The Cambodian Government Is Begging People To Stop Picking These Ultra-Rare ‘Penis Plants’

Published May 19, 2022

The already endangered carnivorous plant Nepenthes bokorensis, also known as the "penis flytrap," could be driven to extinction if tourists keep using them for selfie opportunities.

Cambodian Penis Plant

FacebookThe Cambodian government is asking people to stop making bouquets of the phallic-shaped plants like this.

On Facebook, the Cambodian government recently put out an odd — but urgent — request. After seeing photos of young women posing on social media with these ultra-rare, phallic-shaped plants, the Ministry of Environment has asked them to please, please stop.

“What they are doing is wrong and please don’t do it again in the future!” the Ministry wrote on Facebook. “Thank you for loving natural resources, but don’t harvest so it goes to waste!”

The plants in question are Nepenthes bokorensis, a pitcher plant sometimes called “penis plants” or “penis flytraps.” Sometimes confused with Nepenthes holdenii, an even rarer plant that also grows in Cambodia, they’re primarily found along southwest mountain ranges and are “critically endangered,” according to the Cambodian Journal of Natural History.

Woman With Penis Plants

FacebookThe plants are critically endangered, so picking them is especially harmful.

The plants have a “fun” appearance, François Mey, a botanical illustrator, told Live Science. But picking them is incredibly damaging to their survival.

“If people are interested, even in a funny way, to pose, to make selfies with the plants, it’s fine,” he said. “Just do not pick the pitchers because it weakens the plant, because the plant needs these pitchers to feed.”

Indeed, the pitchers are crucial to the plants’ survival. Since they live in low-nutrient soil, N. bokorensis consumes insects to live. A sweet-smelling nectar inside the pitcher draws the prey in. Then, the prey drowns in the plants’ digestive fluids.

According to The Independent, the plants are struggling to survive even without tourists picking them. Their natural habitat has been severely reduced by private construction, farmlands, and the tourism industry. In fact, the Cambodian government put out a similar plea last year when “a small number of tourists” were caught picking N. bokorensis in July 2021.

“There are still a small number of tourists who do not properly respect the rules of environmental hygiene and sometimes pick some flowers … which are endangered species to take pictures to show their love,” the Ministry of Environment wrote in a statement.

“[I]f you love and admire these beautiful plants, you should [leave] them on the trees so that other tourists can see for the beauty of [this] biodiversity.”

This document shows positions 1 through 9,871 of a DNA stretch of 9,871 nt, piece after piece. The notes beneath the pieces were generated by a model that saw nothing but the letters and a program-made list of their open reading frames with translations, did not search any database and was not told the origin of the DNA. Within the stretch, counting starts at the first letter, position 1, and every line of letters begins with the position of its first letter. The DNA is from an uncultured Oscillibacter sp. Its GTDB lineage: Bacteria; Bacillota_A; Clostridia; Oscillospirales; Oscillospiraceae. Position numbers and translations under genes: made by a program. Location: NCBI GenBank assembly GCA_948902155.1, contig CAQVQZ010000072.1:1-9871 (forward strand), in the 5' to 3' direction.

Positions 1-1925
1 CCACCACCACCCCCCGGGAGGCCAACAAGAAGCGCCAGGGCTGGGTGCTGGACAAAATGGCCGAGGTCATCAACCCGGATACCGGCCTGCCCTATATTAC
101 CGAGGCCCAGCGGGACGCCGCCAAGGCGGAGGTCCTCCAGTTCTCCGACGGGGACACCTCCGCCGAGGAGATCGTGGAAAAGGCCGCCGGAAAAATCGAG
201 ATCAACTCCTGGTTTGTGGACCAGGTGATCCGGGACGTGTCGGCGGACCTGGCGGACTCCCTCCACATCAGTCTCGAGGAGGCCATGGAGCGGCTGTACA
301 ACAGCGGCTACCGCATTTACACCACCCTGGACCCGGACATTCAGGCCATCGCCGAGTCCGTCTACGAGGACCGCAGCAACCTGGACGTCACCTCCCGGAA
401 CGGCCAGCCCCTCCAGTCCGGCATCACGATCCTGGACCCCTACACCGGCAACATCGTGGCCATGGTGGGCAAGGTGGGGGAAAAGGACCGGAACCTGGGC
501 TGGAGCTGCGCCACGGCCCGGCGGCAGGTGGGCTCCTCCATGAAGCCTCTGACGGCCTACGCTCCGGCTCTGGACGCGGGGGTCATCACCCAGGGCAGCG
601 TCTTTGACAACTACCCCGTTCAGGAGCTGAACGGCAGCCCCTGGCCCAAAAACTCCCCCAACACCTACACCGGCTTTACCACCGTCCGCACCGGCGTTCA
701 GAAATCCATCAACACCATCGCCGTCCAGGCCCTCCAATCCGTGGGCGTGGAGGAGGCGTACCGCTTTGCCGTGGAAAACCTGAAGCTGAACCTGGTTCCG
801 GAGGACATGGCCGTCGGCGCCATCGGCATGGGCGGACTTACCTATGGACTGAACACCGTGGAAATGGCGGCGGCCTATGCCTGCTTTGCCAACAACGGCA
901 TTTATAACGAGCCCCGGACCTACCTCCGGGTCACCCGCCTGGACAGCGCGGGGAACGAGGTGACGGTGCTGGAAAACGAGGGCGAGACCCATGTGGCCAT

Woman Smiling With Penis Plants

FacebookThe Cambodian government put out a similar plea last year after tourists were caught picking the penis plants.

N. bokorensis isn’t the only penis-shaped plant to garner attention in recent years, however. In October 2021, crowds flocked to the Leiden Hortus Botanicus in the Netherlands to witness the blooming of amorphophallus decus-silvae, a “penis plant” that rarely blooms and has the pleasant odor of “rotting flesh.”

“The name ‘amorphophallus’ actually means ‘shapeless penis,'” Greenhouse manager Rogier van Vugt explained, according to the New York Post.

He added, “With a little imagination you can indeed see a penis in the plant. It has in fact a long stem and on top is a typical arum with veins. And then in the center there is a thick white spadix.”

As such, it seems that penis plants are a constant source of fascination all over the world. But when it comes to the penis plants of Cambodia, like N. bokorensis, the government has just one, simple request.

You can look — you can even take a funny picture — but please, don’t pick these phallic-shaped plants.

After reading about how the Cambodian government is asking people to stop picking penis plants, look through this list of cool carnivorous plants. Or, discover the horrifying truth about how plants’ defense mechanisms respond to being eaten.

Kaleena Fraga
A staff writer for All That's Interesting, Kaleena Fraga has also had her work featured in The Washington Post and Gastro Obscura, and she published a book on the Seattle food scene for the Eat Like A Local series. She graduated from Oberlin College, where she earned a dual degree in American History and French.
Leah Silverman
A former associate editor for All That's Interesting, Leah Silverman holds a Master's in Fine Arts from Columbia University's Creative Writing Program and her work has appeared in Catapult, Town & Country, Women's Health, and Publishers Weekly.
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Fraga, Kaleena. "The Cambodian Government Is Begging People To Stop Picking These Ultra-Rare ‘Penis Plants’.", May 19, 2022, Accessed May 18, 2024.